"Power Scrape" Shows Buck Activity Increasing

I just returned from a hunt in Wisconsin's north woods. Though I didn't come home with a buck, I always learn a lot from hunting that region. My hunting partner there is Tom VanDoorn, a logger who knows our hunting area intimately.

Tom and I took a couple of long scouting treks through the big woods, and my friend invariably keys into whitetail movement. As always, finding a good stand site means locating two things; the best food sources and the hottest buck sign. In the big woods, you may have to chew up lots of landscape to find this magic combo, but when you locate them, the hunting can be great!

One scouting find had us really excited. In the photo above, Tom is kneeling by what we've nicknamed a "power scrape." This huge, pawed-up area is, I believe, the beginning of a huge community scrape that indicates the presence of several bucks that are using a small area. While finding a huge scrape during the rut is always a rush, stumbling into a scrape this size during the early season is truly awesome. In fact, I've only found two early season power scrapes in close to 40 seasons of whitetail hunting. I hung a stand near this sign and hunted it for one evening. Though I didn't see any of the bucks that made this scrape, I'm confident I would have with a little more effort. Tom was set up nearby--closer to the food source--and had good action.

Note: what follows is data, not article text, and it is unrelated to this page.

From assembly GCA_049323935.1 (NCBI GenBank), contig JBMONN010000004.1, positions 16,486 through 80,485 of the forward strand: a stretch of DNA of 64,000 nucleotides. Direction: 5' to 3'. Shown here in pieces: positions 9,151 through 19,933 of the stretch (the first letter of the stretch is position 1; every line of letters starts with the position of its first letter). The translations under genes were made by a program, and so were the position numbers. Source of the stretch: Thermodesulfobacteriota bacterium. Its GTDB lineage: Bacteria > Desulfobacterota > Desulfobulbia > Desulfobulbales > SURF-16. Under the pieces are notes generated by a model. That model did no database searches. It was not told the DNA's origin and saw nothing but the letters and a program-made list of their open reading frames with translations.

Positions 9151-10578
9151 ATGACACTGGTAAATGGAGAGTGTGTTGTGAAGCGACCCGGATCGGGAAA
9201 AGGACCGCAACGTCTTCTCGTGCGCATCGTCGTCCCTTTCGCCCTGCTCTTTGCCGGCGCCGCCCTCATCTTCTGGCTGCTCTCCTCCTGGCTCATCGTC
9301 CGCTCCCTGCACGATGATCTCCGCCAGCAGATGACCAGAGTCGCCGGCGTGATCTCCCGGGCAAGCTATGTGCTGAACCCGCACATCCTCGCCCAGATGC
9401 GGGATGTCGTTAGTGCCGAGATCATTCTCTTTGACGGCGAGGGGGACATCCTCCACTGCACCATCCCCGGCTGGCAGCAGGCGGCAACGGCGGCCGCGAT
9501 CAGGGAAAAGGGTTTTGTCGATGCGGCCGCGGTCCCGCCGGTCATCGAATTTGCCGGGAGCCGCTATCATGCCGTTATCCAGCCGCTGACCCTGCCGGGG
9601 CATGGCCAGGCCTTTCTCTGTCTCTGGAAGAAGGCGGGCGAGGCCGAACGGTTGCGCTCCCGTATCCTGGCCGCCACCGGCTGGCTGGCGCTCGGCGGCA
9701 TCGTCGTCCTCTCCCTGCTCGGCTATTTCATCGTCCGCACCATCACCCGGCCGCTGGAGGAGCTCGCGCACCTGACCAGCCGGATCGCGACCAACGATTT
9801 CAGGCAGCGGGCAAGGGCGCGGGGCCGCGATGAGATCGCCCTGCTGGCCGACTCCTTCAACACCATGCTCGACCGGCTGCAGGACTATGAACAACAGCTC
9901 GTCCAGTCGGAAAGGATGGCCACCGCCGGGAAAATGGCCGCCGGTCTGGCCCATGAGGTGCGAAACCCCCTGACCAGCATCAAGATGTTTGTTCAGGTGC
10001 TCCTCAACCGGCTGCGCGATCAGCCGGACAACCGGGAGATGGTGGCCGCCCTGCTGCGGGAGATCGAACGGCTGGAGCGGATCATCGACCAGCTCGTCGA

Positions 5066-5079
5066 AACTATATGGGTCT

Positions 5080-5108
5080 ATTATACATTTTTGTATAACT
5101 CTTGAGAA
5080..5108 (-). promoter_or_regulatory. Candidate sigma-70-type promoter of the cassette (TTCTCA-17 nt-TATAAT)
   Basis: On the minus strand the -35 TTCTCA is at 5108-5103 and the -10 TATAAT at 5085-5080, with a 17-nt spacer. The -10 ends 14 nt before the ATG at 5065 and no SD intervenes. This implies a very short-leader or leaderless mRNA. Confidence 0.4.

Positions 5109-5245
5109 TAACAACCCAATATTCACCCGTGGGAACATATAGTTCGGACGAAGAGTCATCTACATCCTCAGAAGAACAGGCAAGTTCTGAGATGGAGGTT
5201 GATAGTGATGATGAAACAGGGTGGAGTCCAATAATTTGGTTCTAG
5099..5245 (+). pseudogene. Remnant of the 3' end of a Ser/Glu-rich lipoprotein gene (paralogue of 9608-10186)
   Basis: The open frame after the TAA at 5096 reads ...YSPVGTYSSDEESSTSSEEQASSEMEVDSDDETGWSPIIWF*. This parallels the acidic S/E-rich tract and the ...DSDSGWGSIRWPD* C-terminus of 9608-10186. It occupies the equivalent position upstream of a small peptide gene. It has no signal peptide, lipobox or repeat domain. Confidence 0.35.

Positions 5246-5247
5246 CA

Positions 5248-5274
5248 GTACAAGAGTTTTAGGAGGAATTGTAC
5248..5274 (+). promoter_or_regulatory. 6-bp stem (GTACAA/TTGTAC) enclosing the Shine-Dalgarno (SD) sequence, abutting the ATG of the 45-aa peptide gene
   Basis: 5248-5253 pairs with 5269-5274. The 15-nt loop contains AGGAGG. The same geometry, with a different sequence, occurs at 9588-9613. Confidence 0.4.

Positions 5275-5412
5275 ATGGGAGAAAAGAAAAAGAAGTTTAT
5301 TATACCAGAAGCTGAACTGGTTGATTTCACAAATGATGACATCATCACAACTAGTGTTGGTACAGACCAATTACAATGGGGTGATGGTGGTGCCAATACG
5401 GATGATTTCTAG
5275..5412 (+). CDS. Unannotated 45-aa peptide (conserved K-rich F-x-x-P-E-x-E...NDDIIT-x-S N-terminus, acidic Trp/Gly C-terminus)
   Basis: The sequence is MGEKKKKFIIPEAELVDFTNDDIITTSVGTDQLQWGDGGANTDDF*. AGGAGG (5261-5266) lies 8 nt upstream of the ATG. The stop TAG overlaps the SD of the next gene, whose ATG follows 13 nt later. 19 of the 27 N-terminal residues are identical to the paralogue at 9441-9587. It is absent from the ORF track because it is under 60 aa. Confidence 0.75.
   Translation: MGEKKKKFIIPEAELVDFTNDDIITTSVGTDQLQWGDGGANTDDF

Elsewhere, the bowhunting opener in at least three states--Minnesota, Missouri, and Wisconsin--occurred last weekend, and already I'm getting reports of some dandy bucks being tagged. I'll chase down these stories and see if I can post pictures soon. Warm weather was widespread throughout the region over the past weekend, but reports indicate it didn't affect deer movement significantly. By Monday a sharp cold front hit the Great Lakes states, dropping temperatures by 20 or 30 degrees overnight. The cooler temps should result in greater deer movement, and feeding activity. Lots of fresh rubs are appearing near active food sources, and though the acorn crop is spotty, deer are feeding heavily on this hard mast whenever they can find it.